How has the question of teaching race become such a political polarizer?
How will our nation respond to the mental health crisis among our young people?
Are you ready to roll up your sleeves and advocate with CEC this summer?
We offer two rather distressing summaries today – about how the teaching of our nation’s racial history has been thrown into the heart of the political arena and the mental health crisis of our young people and our educators. We hope these stories will revitalize your advocacy energy. We need to be at the table, not on the menu.
On the heels of Rep. Virginia Foxx (R-NC), the top Republican on the House Education and Labor Committee, backing two bills aimed at blocking the teaching of critical race theory in K-12 schools—four states have now passed legislation that would limit how teachers can discuss racism and sexism, among other topics. The legislation, passed so far in Idaho, Iowa, Oklahoma, and Tennessee, bans teachers from introducing certain concepts, including: that any individual is consciously or unconsciously racist or sexist because of their race or sex, and that anyone should feel discomfort or guilt because of their race or sex. A similar law also passed in Arkansas. In total, lawmakers in at least 15 states have introduced bills that seek to restrict how teachers can discuss racism, sexism, and other social issues.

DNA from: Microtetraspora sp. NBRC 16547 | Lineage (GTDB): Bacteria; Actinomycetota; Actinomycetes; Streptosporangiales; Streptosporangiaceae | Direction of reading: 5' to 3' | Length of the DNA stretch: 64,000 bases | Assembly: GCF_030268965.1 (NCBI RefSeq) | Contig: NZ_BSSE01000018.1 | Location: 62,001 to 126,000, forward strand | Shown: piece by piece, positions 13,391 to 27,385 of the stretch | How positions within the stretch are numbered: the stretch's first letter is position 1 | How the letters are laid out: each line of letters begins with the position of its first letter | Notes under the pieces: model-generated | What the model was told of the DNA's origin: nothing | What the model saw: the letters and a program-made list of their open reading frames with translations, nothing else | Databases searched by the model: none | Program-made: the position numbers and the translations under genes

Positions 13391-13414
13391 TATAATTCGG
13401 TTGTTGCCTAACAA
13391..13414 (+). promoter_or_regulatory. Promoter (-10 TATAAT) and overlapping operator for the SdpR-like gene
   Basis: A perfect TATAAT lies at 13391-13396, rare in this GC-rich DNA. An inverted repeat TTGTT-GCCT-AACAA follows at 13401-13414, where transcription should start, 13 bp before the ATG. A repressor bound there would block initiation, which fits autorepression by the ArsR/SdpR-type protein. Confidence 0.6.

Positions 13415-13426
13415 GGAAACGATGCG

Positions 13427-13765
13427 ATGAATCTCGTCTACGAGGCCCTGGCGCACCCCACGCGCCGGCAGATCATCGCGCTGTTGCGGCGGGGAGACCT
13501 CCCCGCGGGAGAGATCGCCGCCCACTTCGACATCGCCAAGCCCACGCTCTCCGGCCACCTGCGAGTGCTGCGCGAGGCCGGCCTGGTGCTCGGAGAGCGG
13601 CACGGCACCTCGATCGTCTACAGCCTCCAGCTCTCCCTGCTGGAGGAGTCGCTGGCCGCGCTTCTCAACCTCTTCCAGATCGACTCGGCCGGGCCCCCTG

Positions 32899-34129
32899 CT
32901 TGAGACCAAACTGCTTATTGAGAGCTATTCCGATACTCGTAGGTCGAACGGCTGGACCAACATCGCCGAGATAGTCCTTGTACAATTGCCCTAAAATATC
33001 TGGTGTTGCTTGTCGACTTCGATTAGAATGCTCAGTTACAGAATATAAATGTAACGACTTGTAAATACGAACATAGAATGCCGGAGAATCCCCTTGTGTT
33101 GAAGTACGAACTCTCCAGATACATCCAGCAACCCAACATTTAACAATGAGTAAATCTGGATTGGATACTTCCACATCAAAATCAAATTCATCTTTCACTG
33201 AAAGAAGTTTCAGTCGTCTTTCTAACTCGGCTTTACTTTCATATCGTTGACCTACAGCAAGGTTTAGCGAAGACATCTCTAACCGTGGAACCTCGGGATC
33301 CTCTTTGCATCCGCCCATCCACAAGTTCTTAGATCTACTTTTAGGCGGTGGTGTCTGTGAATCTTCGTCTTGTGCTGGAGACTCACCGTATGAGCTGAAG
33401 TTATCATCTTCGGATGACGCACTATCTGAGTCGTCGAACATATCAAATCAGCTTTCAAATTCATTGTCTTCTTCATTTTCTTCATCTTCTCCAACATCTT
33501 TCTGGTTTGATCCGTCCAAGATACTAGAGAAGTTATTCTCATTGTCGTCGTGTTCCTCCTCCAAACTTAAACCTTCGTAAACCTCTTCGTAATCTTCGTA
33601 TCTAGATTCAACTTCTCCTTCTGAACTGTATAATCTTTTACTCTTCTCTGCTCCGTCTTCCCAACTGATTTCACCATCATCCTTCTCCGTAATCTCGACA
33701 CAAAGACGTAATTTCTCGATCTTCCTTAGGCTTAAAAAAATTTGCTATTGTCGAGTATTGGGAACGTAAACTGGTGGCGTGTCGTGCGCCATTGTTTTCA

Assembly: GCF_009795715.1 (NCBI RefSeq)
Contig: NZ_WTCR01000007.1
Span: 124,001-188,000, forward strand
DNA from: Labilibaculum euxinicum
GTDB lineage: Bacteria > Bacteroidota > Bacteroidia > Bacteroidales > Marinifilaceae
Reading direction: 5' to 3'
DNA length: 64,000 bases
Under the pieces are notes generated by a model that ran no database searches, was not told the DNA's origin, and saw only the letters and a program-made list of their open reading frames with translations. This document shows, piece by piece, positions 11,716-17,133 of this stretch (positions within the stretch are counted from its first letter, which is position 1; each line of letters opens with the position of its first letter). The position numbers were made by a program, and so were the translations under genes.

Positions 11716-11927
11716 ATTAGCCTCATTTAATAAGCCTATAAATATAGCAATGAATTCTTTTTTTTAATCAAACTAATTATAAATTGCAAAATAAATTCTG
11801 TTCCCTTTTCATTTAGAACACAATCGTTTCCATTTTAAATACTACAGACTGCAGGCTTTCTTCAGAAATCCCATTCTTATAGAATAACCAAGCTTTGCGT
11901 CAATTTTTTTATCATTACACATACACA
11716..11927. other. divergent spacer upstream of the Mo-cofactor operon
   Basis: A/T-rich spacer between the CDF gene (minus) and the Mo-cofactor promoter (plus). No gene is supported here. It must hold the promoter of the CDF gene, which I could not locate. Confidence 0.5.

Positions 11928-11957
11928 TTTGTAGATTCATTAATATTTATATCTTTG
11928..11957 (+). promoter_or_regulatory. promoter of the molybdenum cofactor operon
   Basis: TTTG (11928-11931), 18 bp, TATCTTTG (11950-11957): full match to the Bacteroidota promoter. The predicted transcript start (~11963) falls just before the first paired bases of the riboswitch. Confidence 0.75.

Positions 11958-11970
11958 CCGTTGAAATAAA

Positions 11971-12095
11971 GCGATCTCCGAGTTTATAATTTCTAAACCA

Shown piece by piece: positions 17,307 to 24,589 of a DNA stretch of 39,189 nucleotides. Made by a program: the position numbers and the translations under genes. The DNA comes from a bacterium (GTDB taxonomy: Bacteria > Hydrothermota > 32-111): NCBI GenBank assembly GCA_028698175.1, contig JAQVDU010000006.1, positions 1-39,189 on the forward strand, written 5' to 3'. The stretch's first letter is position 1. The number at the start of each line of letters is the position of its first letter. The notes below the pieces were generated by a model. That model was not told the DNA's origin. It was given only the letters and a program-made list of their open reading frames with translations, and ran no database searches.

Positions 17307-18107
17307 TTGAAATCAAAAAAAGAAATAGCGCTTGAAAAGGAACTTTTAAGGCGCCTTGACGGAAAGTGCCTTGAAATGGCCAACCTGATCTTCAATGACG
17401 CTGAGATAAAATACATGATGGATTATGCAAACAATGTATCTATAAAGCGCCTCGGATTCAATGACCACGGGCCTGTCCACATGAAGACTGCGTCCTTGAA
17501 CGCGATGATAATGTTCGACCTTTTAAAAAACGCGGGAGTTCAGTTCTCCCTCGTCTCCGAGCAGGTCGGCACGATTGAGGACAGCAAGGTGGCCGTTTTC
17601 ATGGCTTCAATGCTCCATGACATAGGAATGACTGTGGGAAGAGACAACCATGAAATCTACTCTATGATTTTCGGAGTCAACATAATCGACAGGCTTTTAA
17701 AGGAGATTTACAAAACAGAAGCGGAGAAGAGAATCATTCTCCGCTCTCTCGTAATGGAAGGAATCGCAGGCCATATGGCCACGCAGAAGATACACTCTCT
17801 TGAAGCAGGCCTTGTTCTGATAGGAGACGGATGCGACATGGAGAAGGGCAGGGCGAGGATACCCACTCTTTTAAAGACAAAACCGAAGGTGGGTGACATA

In Arizona, a bill that would fine teachers $5,000 for promoting one side of a controversial issue just passed the House. Texas lawmakers are considering a bill that would ban schools from giving course credit for internships in social or public policy advocacy, as well as limit how teachers discuss controversial issues; this bill has passed the House. In Missouri, proposed legislation would ban the use of specific resources, including the 1619 Project , Learning for Justice Curriculum of the Southern Poverty Law Center, Black Lives Matter at School ,Teaching for Change, and the Zinn Education Project.
Opponents—including many teachers—say they fear such legislation will stifle discussion of how racism and sexism have shaped the country’s history and continue to effect it by threatening educators with the possibility of legal action. Scholars of critical race theory have said that the laws mischaracterize the framework . Underscoring this political battle is the action of the University of North Carolina’s Board of Trustees who took the highly unusual step of failing to approve the recommendation of the department of journalism to grant tenure to Nikole Hannah-Jones, the Pulitzer Prize-winning writer for The New York Times Magazine who was integral to the 1619 Project.
The legislation, all introduced by Republican lawmakers, uses similar language to an executive order former President Trump put in place to ban diversity training for federal workers. The order has since been rescinded by President Biden.